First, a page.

Computer Logic Is Not Reality
The digital world is made of the binary digits one and zero. But those digits are theoretical. One medium used to translate theory into reality was punched cards. Theory said there was a hole or not, meaning a one or a zero. In the election of 2000, reality bumped into the infamous hanging chad. Card readers sometimes saw ones, sometimes zeros.
Computer logic, the logic of the digital world, is also built on ones and zeros. In the real world, the physical embodiment of these ones and zeros is not black and white but rather infinite shades of gray. This is the eternal disconnect between theory and reality, idea and action.
Computers, in theory, are not merely logical, they are über-logical, the very epitome of logic. Nothing more logical (with practical application) has ever been created by the human mind. Theory, however, is not reality. The design of computer hardware is not identical to its implementation; the logic of the computer program is not necessarily its actions.
Computer designs are no more reality than engineering drawings are the bridge or blueprints the house. Computer logic is only a plan for action. Like the bridge or the house, the computer’s viability depends on the materials and their construction. Its longevity depends on maintenance, the endless fight against wear.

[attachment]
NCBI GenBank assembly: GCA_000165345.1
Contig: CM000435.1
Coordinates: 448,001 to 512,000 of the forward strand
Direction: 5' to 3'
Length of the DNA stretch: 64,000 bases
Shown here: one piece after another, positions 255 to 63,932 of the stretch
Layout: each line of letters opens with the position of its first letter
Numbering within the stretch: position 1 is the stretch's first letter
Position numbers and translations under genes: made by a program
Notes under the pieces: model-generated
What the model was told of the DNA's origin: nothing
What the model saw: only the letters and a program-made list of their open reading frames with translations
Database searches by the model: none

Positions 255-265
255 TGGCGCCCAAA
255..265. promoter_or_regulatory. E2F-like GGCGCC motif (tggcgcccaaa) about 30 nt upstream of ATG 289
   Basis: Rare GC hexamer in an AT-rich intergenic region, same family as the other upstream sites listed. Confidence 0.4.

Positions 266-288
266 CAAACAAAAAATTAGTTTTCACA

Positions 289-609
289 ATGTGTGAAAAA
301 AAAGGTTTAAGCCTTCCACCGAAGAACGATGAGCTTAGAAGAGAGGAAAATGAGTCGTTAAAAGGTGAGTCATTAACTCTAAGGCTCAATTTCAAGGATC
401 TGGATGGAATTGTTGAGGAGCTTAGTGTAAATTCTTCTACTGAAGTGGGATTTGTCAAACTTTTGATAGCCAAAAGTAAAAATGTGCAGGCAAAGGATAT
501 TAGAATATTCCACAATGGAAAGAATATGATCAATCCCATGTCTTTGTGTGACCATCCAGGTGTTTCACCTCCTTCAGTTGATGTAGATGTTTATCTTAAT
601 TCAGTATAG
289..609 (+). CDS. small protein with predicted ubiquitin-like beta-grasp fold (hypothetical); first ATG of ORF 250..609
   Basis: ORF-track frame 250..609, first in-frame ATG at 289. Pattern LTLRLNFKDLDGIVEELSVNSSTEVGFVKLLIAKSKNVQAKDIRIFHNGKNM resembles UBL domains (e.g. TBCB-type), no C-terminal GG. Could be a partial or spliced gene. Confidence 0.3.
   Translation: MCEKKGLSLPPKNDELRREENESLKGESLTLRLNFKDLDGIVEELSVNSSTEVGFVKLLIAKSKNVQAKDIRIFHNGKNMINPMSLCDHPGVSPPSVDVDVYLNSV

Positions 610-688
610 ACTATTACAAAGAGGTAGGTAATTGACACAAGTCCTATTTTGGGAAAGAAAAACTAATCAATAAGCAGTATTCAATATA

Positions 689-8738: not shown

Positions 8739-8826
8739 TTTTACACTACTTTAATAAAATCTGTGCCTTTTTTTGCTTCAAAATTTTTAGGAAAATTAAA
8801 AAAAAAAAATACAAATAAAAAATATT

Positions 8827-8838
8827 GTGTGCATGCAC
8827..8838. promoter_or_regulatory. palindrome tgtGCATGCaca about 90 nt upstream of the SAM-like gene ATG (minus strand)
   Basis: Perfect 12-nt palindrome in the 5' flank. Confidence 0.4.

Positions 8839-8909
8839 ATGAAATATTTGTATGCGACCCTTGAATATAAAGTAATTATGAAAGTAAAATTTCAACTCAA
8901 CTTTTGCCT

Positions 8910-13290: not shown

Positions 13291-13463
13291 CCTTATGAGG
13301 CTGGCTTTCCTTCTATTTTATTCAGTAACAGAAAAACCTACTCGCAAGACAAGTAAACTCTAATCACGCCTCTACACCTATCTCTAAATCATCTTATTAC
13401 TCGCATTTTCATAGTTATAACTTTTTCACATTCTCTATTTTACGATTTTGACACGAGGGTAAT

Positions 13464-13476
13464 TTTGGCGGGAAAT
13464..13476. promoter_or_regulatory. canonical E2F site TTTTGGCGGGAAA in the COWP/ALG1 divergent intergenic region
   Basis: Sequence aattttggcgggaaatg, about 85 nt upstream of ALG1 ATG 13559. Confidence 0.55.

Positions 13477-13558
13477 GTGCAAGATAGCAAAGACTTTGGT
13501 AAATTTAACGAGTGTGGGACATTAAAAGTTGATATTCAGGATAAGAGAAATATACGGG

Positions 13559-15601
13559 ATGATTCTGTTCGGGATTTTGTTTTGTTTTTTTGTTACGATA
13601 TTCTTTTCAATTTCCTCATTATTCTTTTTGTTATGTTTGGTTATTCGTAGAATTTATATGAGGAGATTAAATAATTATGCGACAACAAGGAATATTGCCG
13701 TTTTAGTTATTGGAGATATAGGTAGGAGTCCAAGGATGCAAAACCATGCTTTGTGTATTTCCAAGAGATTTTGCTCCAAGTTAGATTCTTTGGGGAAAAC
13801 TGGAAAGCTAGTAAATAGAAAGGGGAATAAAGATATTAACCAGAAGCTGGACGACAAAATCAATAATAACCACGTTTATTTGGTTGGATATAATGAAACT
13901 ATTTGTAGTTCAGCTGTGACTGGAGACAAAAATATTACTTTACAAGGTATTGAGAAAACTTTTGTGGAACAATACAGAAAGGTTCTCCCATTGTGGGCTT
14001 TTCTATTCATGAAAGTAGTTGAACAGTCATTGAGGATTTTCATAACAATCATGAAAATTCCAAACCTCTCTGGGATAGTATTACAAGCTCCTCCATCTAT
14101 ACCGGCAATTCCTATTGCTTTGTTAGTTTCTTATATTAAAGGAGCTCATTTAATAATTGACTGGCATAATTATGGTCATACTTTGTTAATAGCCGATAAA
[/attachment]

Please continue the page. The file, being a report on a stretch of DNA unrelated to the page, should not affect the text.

In the days of room-sized computers, vacuum tubes wore out in hours. The solid-state drives of today’s tablets will last for years. Different storage devices, separated by over a half-century, with a common enemy: heat. Expansion caused by heat inevitably produces wear in all electronics.
The holes in punched cards may or may not be read as ones or zeros. The magnetic coating of discs holds a range of voltages, not always clearly ones or zeros. Every physical manifestation of a theoretical digital construct obeys real world forces, from everyday static electricity to cataclysmic nuclear explosions.
The manufacture, use and maintenance of computer hardware and software are bound by the laws of physics and chemistry—even the speed of light and beyond to quantum mechanics. Hardware and software are designed, planned, and built on logic, but the real world always trumps logic.